‘The link between population growth and climate change is incontrovertible.’
The crisis of climate change is here. We have already exceeded one degree over pre-industrial temperatures and are anticipating a rise of three degrees by the end of the century. Angela Merkel, looking at the floods in Germany, said: ‘There is no word in our language to describe the horror of what is around me.’ Politicians have not been able to summon up creative and imaginative resources, even though millions of people in the poorest parts of the world have been facing this for twenty years. We have little time to decarbonise our economy, heal the world we have influenced, and find a different way of creating and distributing wealth.
We cannot let the increase go beyond two degrees. Scientists warn about irreversible tipping points, particularly in terms of sea level rise. This is a function of our economy and also of the number of people on earth rising to 9.5 or 10 billion by 2100. Population Matters sees the need to reduce consumption and population to bring about a just transition.
$100 billion has been promised to emerging economies, to help them reduce emissions and adapt to damage already done, but progress has been so slow that the poorest may not co-operate at COP26. We have an obligation to transfer that money.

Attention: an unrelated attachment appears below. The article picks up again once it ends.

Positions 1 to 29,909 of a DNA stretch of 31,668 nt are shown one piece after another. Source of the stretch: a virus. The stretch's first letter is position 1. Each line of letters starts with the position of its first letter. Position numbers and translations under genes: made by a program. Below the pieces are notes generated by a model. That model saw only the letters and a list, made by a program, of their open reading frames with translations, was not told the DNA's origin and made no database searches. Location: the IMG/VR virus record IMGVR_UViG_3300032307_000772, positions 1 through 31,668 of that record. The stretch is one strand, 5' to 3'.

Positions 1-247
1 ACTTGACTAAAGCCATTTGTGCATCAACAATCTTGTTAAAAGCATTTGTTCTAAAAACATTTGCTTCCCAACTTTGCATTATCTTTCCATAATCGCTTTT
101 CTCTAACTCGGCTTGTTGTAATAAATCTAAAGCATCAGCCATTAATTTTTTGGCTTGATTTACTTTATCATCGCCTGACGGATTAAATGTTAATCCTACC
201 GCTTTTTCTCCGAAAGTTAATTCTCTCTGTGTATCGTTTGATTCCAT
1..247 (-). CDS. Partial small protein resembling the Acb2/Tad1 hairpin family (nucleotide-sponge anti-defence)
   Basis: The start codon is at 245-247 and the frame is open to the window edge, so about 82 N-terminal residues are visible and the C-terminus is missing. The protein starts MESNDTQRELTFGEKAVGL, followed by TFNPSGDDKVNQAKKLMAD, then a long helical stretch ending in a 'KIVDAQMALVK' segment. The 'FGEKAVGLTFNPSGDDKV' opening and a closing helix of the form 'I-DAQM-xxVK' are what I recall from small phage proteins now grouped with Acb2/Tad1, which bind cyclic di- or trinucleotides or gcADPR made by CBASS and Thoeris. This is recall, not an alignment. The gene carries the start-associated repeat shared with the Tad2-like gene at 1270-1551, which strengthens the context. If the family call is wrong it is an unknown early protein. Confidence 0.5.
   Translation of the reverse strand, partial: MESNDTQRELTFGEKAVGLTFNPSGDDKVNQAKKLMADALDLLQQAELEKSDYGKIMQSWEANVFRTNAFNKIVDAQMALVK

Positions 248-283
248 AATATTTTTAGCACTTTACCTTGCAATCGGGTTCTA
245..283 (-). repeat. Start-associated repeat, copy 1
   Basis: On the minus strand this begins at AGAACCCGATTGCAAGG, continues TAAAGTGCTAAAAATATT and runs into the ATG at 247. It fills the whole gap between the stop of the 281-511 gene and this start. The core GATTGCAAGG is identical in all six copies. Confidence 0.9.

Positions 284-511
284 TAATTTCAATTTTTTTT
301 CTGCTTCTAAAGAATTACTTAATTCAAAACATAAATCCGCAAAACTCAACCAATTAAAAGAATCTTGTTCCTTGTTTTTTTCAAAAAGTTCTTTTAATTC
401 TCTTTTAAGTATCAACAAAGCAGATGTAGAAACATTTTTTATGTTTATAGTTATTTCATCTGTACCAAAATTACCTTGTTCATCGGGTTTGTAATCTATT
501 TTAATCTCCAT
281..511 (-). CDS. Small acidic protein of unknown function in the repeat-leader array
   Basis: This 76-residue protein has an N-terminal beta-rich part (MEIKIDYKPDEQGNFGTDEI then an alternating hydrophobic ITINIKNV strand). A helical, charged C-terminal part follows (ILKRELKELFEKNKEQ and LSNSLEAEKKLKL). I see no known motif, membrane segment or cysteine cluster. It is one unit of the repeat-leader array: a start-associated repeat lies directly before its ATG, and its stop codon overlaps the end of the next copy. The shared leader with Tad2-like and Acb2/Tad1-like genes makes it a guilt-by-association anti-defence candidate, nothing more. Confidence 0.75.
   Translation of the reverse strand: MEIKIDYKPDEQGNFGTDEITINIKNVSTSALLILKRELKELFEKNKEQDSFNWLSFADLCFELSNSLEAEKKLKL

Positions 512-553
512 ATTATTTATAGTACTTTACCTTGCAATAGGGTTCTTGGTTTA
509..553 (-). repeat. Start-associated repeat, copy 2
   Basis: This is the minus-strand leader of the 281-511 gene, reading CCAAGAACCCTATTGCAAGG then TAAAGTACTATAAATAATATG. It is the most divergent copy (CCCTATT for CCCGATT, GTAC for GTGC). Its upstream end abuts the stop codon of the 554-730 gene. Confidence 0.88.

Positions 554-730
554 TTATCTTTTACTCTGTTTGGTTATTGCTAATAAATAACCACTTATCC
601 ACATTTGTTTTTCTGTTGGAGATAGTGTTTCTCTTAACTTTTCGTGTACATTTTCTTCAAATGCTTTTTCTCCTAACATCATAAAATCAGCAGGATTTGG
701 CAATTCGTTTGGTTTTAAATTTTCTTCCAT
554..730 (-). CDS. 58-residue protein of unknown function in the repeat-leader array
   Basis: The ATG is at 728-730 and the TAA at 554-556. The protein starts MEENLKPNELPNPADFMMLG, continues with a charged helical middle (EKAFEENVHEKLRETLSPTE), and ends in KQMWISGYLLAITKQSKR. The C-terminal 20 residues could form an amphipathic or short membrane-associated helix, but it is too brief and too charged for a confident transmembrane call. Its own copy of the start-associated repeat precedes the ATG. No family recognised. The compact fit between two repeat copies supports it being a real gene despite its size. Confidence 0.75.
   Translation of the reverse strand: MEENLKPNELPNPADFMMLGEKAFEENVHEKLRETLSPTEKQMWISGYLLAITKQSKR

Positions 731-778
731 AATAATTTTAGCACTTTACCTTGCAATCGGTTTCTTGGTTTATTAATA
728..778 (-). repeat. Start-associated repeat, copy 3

Hence the anger when Boris Johnson decided to cut the aid budget from 0.7% to 0.5% of GDP. It will result in a cut of 85 per cent of support for the UNPF, leading to 250,000 additional maternal and child deaths, 4.3 million extra unsafe abortions and 14.6 million unintended pregnancies.
That over 50 per cent of women cannot make their own decisions about whether to have sex, to use contraception, or to seek help, should outrage us all. Hundreds of millions of women do not own their own bodies; their lives are governed by others. It is an annihilation of the human spirit. Population Matters has always linked climate change and biodiversity issues with those of population, sex and reproductive health care, and to the right of women to manage their own fertility. Many fear that this concern implies coercion. Links in the past to eugenics are undeniable, but invocation of that history to suppress conversation is extraordinary and cruel.
We need to put emphasis on policies that face these massive issues. Many impeccable organisations have emphasised the link between population, growing at 83 million yearly, and threats to the climate, biodiversity and food production. The link between population growth and climate change is incontrovertible, and our commitment to making a just transition to a low carbon economy has to be negotiated in an inclusive way. We need to reflect these principles and values in every aspect of our campaigning.
Jonathan is the president of Population Matters. His talk at Yearly Meeting Gathering has been summarised by Roger Plenty of Quaker Concern Over Population.